Mo Laycock, Headteacher, Firth Park Community Arts College describes the effective model of governance which has contributed to three Ofsted results of ‘outstanding’ leadership at the school

When I arrived at Firth Park in September 1995, there were three to four governors who ran the governors’ meetings and agenda. The other governors felt disenfranchised and marginalised. Often they did not turn up to meetings or if they did, they contributed little to the discussions. I had to work hard with the local education authority (LEA) to remove these governors and to start again in relation to the new vision of the school, which is that ‘Firth Park is Fantastic’ and it is our job to enable students to believe in themselves, their potential and to aim high with confidence and determination. I went on the ‘Common Purpose’ leadership programme, a national professional development programme, organised at regional levels to engage senior leaders in their city in working together to encourage joined-up strategies for city-wide change (see: www.common Most big cities in the UK run the programmes, which select leaders who will help to influence and participate in such strategies, bringing together annually approximately 30 leaders from the public, private and voluntary sectors. Through Common Purpose I met some inspirational leaders, and we were able to recruit three governors via the programme. I continue to have strong links with the 1996/97 participants at a local and national level. This was, perhaps, the best professional training programme I have ever been involved in. I also joined the Chamber of Commerce, attended LEA governors meetings, networked with local businesses and both Sheffield Universities as well as the old boys of Firth Park Grammar School 1917–1969. In this way, I attained support for sign up to our new governing body, but this was hard work and much of this was outside school hours. We need to recruit influential business and industry personnel, who are short on the ground in our local community. Ensuring such personnel was important for us to put Firth Park on the map and so that we better understood city-wide strategies and opportunities that the school could benefit from. Since then the school’s reputation has grown at a local, regional and national level and it is now much easier to encourage governors from across the board to join in and support our school. We have had three Ofsted inspections of Firth Park since 1995. In all three, leadership and governance has been stated as being excellent/outstanding; in 2001 it was stated as being ‘inspirational’.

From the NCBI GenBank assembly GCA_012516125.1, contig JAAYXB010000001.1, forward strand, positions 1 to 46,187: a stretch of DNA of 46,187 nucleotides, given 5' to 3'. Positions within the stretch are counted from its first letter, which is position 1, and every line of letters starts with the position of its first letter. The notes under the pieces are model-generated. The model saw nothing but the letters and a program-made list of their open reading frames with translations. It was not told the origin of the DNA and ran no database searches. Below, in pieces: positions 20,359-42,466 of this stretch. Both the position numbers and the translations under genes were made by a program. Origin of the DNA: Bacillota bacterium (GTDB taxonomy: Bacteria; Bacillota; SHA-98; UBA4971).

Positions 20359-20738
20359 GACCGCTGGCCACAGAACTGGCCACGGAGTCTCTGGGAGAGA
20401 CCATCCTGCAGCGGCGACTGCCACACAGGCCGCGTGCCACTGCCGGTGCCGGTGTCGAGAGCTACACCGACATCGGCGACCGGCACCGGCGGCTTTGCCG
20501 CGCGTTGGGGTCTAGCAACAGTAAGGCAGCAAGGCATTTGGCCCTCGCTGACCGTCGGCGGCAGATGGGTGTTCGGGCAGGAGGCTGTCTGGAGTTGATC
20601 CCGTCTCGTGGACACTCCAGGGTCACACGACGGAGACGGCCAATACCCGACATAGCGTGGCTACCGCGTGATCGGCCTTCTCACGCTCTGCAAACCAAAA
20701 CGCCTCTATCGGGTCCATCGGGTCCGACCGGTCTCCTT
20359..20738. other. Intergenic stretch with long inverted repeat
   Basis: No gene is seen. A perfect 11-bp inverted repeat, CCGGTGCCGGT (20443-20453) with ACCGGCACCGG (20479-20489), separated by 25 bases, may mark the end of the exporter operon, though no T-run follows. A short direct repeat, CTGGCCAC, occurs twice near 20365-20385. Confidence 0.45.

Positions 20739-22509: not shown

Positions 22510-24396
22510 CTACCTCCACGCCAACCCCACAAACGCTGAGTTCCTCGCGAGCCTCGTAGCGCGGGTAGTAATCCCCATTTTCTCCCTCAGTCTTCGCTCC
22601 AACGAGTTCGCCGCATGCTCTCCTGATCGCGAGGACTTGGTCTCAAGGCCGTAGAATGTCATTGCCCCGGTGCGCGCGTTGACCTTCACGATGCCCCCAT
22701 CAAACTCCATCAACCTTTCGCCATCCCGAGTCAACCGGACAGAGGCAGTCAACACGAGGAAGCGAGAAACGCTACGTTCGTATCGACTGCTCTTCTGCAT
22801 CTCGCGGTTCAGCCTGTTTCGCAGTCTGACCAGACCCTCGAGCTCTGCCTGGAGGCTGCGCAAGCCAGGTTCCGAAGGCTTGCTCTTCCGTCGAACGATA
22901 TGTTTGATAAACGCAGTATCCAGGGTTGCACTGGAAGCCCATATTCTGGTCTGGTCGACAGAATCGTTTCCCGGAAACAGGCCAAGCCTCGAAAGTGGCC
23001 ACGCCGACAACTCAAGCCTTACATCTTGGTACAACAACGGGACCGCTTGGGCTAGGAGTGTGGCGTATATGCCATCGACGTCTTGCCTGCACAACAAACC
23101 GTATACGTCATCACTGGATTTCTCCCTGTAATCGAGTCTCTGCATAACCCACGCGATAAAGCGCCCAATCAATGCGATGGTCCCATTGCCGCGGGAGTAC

Governing body make-up and structure

It is difficult in many schools to ensure effective and committed governor representatives. In inner-city schools this is even more challenging, as we do not have local businesses and industries to draw on. Neither do we have many professional, confident parents who willingly volunteer into this role. In our early years, it was very difficult to ensure a full governing body. It is much easier nowadays.

Governing body make-up

  • We now have six parent governors, our full complement, including two business-link governors.
  • Our chairperson is Pro-Vice Chancellor of Sheffield Hallam University, which is immensely helpful in relation to city-wide developments, and his involvement with the Sheffield City Education Strategy is pivotal to our work and progressing a school in relation to the ECM agenda.
  • One local authority governor works within the 14–19 aspect of the authority, which helps with this aspect of our school development.
  • The deputy principal of Longley Park Sixth Form College is the chair of the ECM sub-group.
  • The chair of the arts/extended schools sub-group is the director of
  • GB Eye, a prestigious and successful poster company in Sheffield, and his contribution enhances our arts specialism, securing new networks and links for the school.
  • The full governing body comprises:
    • 5 co-opted governors
    • 4 local authority governors
    • 2 community governors
    • 2 staff governors
    • 6 parent governors
    • 2 business link governors.
  • The headteacher is an ‘ex-officio’ member. Other members of the leadership team also attend governors meetings as do key staff in relation to agenda items.

The full governing body of 21 meet on a half-termly basis. Our own agenda meetings often follow up LEA items, for example, on new policies such as the ‘disability policy’. We also cover topics that are important to the school, such as plans for curriculum changes, reviewing the teaching and learning structure and so on. We run the following sub-groups:

  • finance and personnel
  • Every Child Matters (ECM) (curriculum and student support)
  • health and safety at work and premises
  • arts specialism and extended school.

Each sub-group has five to six governors and a governor as the chairperson, with a link member of the senior leadership team (SLT) working with them on the agenda and the school focus. They meet at least on a half-termly basis and often more than this, dependant on the issues they are focusing on. Finance personnel will regularly meet on a three-weekly basis during the budget-setting period, matching this with school priorities and resources. Meetings tend to last one hour. Representatives from sub-groups come to the full governing body at our half-termly meetings to give feedback. Our meetings last just one and a half hours and are tightly chaired and managed.

Role and input of governors